Who’s in Charge: Secretary of State Delbert Hosemann

Election officials in Mississippi seem to be well aware that potential security problems with its Statewide Election Management System loom as large, run as deep – and are as quickly moving – as the storied river with which the state shares its name. And so Secretary of State Delbert Hosemann has put considerable effort into bolstering election security and regularly raising awareness among county circuit clerks.

Hosemann, who is currently on a tour of sorts to address low voter turnout, told reporters he dedicates a portion of his day to cybersecurity.

One of Mississippi’s congressional representatives, Bennie G. Thompson, the ranking Democrat on the House Homeland Security Committee and co-chair of the Congressional Task Force on Election Security, has kept a watchful eye on his home state. Thompson said the $4.5 million grant that Mississippi received from the U.S. Election Assistance Commission will help the state secure its election systems. Already Hosemann has used $700,000 to secure the Statewide Election Management System with the rest being earmarked for local circuit clerks to modernize voting systems and address other security needs. Hosemann also pitched in an additional $224,000 from his budget.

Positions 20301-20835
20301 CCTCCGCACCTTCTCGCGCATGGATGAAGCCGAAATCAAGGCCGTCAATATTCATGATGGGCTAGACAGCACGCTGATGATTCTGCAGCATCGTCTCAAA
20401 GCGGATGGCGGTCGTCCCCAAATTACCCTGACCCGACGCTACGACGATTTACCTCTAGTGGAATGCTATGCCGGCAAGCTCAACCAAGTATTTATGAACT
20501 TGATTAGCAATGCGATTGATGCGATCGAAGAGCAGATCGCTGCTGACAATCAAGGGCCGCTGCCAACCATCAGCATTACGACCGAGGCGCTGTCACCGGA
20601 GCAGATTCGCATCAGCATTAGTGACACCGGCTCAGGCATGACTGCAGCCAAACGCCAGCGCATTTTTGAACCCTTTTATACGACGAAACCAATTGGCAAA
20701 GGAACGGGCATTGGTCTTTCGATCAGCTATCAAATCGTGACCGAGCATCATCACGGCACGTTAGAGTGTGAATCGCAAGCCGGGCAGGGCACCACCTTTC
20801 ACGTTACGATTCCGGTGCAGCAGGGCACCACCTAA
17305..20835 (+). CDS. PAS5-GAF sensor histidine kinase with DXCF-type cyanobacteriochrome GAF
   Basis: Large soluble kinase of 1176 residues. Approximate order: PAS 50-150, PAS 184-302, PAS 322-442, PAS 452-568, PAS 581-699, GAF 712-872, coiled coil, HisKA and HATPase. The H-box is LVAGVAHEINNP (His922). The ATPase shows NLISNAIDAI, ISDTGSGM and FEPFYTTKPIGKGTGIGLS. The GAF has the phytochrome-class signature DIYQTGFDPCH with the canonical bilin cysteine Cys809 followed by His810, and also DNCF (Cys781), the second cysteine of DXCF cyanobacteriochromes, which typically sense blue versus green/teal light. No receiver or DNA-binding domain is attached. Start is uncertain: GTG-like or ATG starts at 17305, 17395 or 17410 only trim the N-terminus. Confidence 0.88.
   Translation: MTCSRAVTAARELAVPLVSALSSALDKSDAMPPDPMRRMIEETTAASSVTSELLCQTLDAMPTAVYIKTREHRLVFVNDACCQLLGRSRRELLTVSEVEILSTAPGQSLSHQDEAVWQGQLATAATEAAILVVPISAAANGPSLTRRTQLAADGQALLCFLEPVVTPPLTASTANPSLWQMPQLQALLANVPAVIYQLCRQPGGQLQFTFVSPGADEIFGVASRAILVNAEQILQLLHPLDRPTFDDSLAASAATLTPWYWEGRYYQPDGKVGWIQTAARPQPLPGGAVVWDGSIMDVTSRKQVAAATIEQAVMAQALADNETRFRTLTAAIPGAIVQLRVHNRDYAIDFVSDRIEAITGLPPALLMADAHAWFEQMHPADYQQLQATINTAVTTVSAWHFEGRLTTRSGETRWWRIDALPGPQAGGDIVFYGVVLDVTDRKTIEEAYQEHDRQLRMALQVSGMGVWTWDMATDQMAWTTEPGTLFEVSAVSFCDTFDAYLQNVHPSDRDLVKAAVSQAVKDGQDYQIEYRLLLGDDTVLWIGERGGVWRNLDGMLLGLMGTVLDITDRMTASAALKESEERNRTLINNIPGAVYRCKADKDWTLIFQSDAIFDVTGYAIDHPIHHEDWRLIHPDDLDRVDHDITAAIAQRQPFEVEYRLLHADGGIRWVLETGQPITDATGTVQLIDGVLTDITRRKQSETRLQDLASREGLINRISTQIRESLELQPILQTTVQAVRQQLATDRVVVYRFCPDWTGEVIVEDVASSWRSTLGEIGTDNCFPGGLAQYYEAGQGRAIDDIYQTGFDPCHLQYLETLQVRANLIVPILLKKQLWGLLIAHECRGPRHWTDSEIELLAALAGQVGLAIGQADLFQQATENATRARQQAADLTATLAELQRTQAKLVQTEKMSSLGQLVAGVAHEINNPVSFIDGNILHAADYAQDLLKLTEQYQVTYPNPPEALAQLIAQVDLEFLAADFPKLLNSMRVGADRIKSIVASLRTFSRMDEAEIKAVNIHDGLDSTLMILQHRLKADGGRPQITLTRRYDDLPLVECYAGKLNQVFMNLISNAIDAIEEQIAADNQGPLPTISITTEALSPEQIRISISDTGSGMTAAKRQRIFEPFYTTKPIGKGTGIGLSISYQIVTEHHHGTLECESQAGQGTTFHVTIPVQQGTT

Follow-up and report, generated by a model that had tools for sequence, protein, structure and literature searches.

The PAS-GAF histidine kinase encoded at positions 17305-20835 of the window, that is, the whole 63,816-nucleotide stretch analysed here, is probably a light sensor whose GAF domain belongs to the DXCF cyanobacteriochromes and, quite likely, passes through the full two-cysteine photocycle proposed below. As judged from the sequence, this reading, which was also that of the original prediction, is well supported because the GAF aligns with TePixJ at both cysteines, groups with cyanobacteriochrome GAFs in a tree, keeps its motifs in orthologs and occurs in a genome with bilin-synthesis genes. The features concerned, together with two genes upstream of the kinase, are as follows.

By all accounts, the state has some serious work to do. Like its neighbor, Louisiana, Mississippi uses electronic voting systems that do not produce a paper trail and it fails to order comprehensive audits of elections, earning it a “D” grade from the Center for American Progress report, Election Security in All 50 States – Defending America’s Elections.

Mississippi also got called out for letting military and others living abroad to submit ballots electronically, a measure frowned upon by security pros.

Still, all is not lost, the state racked up kudos for its “ballot accounting and reconciliation procedures and for requiring that all voting machines be tested to EAC Voluntary Voting System Guidelines,” the American Progress report said, as well as for requiring “election officials to conduct pre-election logic and accuracy testing on all machines that will be used in an upcoming election.”

It also does a fair job meeting the minimum security standards when it comes to voter registration, the group said.